First batch with 15 participants was held from March to June last

Pangong Tso is at the LAC, split between Ladakh and Tibet. Photo used for representation purpose only.   | Photo Credit: Getty Images/iStockphoto

First batch with 15 participants was held from March to June last

With a view to orienting its officers and men posted along the Line of Actual Control (LAC) in Tibetan culture and also preparing them to better understand the information warfare, the Army has begun a course in Tibetology in a tie-up with the Central Institute of Himalayan Cultural Studies in Arunachal Pradesh. The first batch with 15 participants was held from March to June this year.

“Understanding Tibetan traditions, cultural peculiarities, democracy and political influence and so on empowers our men and officers to understand where we are going into and where we are operating,” said a senior Army officer at the 5 Mountain Division at Tenga in Arunachal Pradesh. Officers posted around in the area would be considered for the course.

The Army’s Training Command, ARTRAC, has identified seven institutes for Tibetology across the country, two of which are in the Northeast. The other one is the Namgyal Institute of Tibetology in Sikkim.

Such training was happening but now it has been formalised. On a trial basis, the first batch with 15 officers was held from March to May this year and the Army has entered into a Memorandum of Understanding with the institute. The second course is scheduled to begin next month. Currently, two courses a year are planned with about 15-20 participants in each course.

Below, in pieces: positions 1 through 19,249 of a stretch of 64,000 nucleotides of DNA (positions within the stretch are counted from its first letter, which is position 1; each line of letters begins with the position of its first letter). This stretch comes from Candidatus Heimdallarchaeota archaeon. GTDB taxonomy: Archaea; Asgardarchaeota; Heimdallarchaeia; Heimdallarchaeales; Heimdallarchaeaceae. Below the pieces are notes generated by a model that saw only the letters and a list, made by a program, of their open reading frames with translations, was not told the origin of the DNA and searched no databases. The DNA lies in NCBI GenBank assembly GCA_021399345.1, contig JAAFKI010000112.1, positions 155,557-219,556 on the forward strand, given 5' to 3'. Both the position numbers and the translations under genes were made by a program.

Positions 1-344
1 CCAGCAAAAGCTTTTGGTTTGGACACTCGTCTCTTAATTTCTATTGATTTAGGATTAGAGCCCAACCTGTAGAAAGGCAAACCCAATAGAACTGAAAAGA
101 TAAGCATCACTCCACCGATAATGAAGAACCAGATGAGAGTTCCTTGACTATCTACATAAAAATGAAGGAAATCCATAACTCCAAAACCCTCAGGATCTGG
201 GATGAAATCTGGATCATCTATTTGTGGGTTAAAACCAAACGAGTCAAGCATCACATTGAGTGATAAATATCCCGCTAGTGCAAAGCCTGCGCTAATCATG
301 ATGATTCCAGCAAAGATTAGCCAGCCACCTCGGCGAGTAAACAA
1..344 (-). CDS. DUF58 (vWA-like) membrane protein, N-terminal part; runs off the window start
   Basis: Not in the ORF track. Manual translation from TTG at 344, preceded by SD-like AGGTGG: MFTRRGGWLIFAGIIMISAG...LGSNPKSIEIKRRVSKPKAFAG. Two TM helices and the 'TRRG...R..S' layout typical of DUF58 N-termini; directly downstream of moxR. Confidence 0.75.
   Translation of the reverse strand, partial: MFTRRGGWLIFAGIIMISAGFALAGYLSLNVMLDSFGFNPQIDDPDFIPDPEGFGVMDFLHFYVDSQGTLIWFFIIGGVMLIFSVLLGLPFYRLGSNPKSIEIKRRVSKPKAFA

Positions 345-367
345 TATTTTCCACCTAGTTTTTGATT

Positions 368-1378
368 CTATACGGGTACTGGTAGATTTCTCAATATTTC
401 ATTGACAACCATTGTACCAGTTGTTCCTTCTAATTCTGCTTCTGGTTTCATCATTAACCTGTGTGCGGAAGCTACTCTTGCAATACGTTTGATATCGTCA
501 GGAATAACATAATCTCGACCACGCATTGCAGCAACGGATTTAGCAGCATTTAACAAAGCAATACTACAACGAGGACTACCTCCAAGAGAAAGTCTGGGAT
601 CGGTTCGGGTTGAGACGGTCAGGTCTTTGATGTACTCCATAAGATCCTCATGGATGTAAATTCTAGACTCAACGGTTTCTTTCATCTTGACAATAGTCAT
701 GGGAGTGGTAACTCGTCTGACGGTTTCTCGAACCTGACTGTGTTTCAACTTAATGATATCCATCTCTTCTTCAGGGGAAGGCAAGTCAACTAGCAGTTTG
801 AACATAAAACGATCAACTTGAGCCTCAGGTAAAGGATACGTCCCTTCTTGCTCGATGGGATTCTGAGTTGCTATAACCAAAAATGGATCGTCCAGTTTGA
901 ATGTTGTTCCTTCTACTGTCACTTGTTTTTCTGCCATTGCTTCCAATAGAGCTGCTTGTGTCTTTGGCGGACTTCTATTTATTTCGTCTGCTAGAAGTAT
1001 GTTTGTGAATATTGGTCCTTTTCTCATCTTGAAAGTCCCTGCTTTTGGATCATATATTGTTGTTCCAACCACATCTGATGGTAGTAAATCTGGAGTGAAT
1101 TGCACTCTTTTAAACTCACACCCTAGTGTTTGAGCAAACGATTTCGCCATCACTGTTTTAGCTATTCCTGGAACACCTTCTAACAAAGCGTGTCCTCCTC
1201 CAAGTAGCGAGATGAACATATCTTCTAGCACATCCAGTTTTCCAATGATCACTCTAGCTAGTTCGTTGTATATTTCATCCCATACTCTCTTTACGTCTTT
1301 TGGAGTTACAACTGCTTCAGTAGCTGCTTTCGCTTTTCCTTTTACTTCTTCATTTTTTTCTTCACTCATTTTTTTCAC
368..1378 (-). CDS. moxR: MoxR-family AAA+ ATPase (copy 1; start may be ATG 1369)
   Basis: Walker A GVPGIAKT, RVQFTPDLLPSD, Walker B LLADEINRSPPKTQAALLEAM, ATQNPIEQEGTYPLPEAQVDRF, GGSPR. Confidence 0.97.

150 officers trained

Around 150 officers have been trained so far across the country at various centres, the officer stated.

A longer course was being planned and a proposal for a three-month course had sent to ARTRAC, another officer noted.

“The officers who are trained will function as trainers in their battalions and in few years, we will have a sizable number of personnel with understanding of the Tibetan issues,” the officer explained.

During the 42 days of the preliminary course, Tibetan history, geopolitics and current political dynamics were covered in the form of lectures and case studies, the officer added. Lamas who were proficient in Tibetan issues were hired from the Monastery in Bomdila to take the course.

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